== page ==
Skadden, Kirkland, Latham, Sull&Cro, DPW, Simpson, Sidley, Weil, Gibson, Cleary, Debevoise, W&C, MC firms, Shearman, Ropes, Paul Hastings, JD and then the rest I don’t know (Mofo, Akin, Milbank, Dechert, Covington, Fried etc.)

MC firms would have been near the top a few years ago but I reckon now Debevoise/W&C is right on the borderline where you where you would take it over the MC..and if you don’t care about salaries then Simpson/Sidley would roughly be the borderline

(14)(2)

Anonymous

The first 6 firms you mention, fair enough.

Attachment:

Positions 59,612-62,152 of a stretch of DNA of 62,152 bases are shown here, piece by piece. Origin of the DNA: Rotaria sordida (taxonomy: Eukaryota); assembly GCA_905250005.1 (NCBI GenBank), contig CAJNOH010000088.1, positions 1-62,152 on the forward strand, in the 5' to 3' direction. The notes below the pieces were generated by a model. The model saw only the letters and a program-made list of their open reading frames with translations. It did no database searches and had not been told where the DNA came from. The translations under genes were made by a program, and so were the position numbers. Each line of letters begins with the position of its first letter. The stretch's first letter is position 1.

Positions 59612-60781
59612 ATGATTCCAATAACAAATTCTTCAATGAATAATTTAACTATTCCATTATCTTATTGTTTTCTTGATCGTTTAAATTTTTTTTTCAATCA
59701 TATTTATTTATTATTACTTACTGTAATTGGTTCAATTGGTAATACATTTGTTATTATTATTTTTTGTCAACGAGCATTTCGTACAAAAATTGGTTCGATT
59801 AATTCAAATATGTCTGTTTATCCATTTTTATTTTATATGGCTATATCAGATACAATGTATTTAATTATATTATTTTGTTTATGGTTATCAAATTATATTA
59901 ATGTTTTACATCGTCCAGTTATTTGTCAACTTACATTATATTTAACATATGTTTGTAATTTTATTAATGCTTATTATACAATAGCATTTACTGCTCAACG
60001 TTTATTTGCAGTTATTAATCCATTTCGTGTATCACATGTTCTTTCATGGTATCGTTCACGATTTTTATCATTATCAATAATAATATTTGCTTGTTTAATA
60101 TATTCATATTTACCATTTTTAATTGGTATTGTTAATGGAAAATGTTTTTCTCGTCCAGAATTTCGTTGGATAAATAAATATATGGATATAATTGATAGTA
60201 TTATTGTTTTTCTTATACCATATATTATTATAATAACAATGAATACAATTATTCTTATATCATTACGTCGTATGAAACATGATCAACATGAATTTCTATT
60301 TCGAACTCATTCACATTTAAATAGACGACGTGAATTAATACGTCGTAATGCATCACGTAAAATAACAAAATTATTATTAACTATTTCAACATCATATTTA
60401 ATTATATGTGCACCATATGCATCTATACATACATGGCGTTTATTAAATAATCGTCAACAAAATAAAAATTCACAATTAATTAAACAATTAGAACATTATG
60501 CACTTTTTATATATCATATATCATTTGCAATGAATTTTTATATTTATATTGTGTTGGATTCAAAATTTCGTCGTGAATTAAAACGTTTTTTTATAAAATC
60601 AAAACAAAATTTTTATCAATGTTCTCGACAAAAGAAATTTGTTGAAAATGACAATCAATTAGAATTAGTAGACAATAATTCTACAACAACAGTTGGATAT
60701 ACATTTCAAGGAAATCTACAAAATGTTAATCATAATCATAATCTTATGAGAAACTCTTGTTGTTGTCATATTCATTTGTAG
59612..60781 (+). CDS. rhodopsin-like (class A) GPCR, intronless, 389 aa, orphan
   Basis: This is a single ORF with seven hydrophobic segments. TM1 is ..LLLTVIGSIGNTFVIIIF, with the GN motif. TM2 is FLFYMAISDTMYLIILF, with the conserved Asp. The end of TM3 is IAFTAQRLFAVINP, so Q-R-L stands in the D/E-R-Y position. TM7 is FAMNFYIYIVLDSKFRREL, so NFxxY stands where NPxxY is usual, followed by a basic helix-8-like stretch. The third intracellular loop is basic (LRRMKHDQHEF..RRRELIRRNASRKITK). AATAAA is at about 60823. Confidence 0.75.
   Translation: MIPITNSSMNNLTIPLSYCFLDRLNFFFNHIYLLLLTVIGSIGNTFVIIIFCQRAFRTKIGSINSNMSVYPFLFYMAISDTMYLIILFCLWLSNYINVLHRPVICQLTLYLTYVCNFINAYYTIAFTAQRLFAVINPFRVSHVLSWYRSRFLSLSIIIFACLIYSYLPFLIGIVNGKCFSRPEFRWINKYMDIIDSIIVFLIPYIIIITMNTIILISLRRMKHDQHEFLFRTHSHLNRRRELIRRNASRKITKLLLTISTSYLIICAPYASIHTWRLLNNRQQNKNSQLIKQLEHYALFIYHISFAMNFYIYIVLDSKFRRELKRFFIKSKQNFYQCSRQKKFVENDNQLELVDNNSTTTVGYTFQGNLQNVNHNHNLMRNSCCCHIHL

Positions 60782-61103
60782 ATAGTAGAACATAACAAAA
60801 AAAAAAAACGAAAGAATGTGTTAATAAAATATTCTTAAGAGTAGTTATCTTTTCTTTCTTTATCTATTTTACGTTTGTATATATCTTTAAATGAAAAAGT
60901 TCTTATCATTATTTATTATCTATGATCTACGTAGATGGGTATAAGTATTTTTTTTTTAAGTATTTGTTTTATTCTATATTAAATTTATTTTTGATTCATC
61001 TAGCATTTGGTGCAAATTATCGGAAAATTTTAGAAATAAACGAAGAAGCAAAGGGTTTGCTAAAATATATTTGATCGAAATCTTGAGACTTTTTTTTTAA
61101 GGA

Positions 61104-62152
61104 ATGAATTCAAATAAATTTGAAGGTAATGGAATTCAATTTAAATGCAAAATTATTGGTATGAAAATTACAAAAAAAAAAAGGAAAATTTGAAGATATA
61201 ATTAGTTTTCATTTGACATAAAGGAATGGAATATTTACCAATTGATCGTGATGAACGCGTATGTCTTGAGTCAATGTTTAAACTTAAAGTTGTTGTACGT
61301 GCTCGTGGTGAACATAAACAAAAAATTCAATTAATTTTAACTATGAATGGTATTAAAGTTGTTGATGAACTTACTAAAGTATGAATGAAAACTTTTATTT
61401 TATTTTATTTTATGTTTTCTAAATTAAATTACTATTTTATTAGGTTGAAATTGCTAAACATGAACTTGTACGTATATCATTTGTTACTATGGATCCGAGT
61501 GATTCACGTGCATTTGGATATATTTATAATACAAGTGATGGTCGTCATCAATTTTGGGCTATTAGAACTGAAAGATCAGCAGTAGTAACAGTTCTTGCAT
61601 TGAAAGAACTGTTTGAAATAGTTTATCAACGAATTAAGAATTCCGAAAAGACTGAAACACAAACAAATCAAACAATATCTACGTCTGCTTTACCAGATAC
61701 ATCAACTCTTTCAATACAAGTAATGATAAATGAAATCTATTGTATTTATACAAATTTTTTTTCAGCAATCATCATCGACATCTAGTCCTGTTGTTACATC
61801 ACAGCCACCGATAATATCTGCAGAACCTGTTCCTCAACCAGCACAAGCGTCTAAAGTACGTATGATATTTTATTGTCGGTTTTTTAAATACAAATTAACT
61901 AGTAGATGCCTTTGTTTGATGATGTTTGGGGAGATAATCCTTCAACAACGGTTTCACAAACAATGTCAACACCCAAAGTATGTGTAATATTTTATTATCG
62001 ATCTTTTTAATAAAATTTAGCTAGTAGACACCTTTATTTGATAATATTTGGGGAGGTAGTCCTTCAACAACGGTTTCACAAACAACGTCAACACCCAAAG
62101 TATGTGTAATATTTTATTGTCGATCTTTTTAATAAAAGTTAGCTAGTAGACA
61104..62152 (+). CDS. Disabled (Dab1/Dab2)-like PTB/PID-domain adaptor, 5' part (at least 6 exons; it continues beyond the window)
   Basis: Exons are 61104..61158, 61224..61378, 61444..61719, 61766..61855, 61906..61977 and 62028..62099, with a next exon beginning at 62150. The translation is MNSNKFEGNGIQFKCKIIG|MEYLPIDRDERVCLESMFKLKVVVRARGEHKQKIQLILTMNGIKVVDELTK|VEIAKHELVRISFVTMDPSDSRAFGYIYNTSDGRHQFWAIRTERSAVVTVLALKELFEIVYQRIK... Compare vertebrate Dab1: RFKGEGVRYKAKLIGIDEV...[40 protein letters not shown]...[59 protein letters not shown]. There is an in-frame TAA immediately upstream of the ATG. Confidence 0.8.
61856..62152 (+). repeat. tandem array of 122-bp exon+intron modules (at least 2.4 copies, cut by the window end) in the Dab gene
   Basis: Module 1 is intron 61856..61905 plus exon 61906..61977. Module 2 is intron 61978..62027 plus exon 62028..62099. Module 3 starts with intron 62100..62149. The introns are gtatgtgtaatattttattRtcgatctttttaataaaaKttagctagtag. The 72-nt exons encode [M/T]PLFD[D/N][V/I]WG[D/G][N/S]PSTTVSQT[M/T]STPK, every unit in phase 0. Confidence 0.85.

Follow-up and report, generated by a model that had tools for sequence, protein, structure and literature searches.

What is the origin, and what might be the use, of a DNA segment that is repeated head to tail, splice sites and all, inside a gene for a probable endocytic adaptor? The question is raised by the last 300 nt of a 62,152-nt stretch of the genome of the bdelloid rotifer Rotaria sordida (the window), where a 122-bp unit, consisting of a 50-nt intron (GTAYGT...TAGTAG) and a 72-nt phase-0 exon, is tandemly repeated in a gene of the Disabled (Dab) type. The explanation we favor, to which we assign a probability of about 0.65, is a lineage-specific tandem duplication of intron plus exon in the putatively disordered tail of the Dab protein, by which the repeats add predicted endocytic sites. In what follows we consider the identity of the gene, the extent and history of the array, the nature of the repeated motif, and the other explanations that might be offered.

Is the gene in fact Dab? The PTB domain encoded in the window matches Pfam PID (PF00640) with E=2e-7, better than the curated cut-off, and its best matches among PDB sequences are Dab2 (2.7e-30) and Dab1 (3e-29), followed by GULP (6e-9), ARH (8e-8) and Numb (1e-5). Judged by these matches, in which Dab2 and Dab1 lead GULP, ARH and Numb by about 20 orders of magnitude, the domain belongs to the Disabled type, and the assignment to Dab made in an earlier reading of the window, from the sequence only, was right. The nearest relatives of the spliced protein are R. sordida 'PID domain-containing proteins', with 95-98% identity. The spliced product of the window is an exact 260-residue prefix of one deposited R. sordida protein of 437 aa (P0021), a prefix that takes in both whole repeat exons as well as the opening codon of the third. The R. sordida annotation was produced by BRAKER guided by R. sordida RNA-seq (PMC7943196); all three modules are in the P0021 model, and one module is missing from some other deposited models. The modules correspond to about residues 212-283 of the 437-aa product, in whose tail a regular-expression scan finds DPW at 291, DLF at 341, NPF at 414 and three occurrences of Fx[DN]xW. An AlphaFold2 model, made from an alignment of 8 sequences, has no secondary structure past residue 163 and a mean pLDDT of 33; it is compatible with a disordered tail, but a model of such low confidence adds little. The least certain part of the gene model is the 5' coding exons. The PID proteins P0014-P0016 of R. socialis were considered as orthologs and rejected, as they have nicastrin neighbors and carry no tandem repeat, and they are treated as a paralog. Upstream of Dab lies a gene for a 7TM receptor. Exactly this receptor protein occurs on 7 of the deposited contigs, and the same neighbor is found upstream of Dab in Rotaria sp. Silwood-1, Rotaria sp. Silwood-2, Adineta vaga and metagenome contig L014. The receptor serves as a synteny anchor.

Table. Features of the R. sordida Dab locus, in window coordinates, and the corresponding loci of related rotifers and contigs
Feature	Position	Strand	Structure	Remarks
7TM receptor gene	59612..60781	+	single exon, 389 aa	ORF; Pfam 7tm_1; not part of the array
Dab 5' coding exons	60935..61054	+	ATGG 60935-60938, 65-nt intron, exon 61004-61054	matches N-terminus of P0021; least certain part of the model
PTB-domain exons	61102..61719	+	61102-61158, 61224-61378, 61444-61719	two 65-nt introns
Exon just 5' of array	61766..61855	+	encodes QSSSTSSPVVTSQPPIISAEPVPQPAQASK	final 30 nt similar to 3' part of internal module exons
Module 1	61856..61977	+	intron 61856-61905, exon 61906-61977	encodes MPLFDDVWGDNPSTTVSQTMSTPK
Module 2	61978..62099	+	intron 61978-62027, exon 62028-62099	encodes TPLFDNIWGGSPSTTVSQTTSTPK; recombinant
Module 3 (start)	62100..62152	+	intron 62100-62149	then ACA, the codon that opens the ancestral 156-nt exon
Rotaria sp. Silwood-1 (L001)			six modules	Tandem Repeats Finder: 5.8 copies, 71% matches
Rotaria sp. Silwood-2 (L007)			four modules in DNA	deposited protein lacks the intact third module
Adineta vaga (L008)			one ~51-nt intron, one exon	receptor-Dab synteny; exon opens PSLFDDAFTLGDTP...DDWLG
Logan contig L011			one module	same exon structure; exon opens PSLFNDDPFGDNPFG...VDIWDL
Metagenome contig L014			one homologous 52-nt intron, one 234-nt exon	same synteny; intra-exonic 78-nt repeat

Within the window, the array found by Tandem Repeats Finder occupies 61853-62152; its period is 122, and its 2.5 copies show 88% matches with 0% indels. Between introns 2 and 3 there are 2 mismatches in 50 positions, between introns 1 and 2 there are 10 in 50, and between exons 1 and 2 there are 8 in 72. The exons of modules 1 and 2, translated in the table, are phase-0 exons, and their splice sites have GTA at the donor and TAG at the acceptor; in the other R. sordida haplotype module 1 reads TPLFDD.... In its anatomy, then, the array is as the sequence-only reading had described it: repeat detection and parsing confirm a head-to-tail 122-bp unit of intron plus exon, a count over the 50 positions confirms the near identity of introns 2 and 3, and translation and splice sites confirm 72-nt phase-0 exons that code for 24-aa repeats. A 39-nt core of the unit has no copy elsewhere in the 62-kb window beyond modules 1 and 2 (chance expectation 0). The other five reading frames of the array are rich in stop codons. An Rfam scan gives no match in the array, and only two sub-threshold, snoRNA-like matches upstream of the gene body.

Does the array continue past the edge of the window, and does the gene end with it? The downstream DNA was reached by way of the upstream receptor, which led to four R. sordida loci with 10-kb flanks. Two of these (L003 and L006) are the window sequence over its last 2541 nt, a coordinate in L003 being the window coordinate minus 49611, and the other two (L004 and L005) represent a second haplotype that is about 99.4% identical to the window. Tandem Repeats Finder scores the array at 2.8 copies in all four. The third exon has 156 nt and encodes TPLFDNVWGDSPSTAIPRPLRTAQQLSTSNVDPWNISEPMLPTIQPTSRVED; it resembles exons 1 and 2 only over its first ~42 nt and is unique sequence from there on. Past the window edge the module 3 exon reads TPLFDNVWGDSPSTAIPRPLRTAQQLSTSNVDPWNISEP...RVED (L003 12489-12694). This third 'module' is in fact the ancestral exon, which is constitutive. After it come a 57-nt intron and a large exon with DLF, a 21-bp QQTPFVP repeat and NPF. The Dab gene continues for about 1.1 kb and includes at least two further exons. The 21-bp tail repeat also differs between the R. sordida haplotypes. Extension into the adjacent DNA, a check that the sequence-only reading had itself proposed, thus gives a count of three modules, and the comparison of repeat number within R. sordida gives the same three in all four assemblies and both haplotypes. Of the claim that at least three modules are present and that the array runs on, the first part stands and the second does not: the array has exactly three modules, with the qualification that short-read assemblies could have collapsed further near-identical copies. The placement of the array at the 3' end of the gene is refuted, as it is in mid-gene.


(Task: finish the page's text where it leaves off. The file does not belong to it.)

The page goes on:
The others I am not so sure. I really feel the issue is money, tbh. I think if MC firms were to increase salaries even to c.100k NQ, the idea that those other firms (outside your top 6) are a stronger option would really fade. It’s a big if, it still hasn’t happened yet, but surely at some stage the MC firms have to raise. They cannot pay 80-85k in perpetuity while US pay ceiling keeps going up.

(0)(0)

Anonymous

Money is quite obviously the issue and you are correct that if MC salaries were commensurate with US ones absolutely nobody would be talking about preferring to join the likes of W&C

(2)(1)

Anonymous

perhaps but money talks!! higher salaries have that magical pull..

(4)(0)

Anonymous

>”… surely at some stage the MC firms have to raise. They cannot pay 80-85k in perpetuity while US pay ceiling keeps going up.”

I suggest that they can pay 80-85k because they have no choice, and that they will continue to do so indefinitely.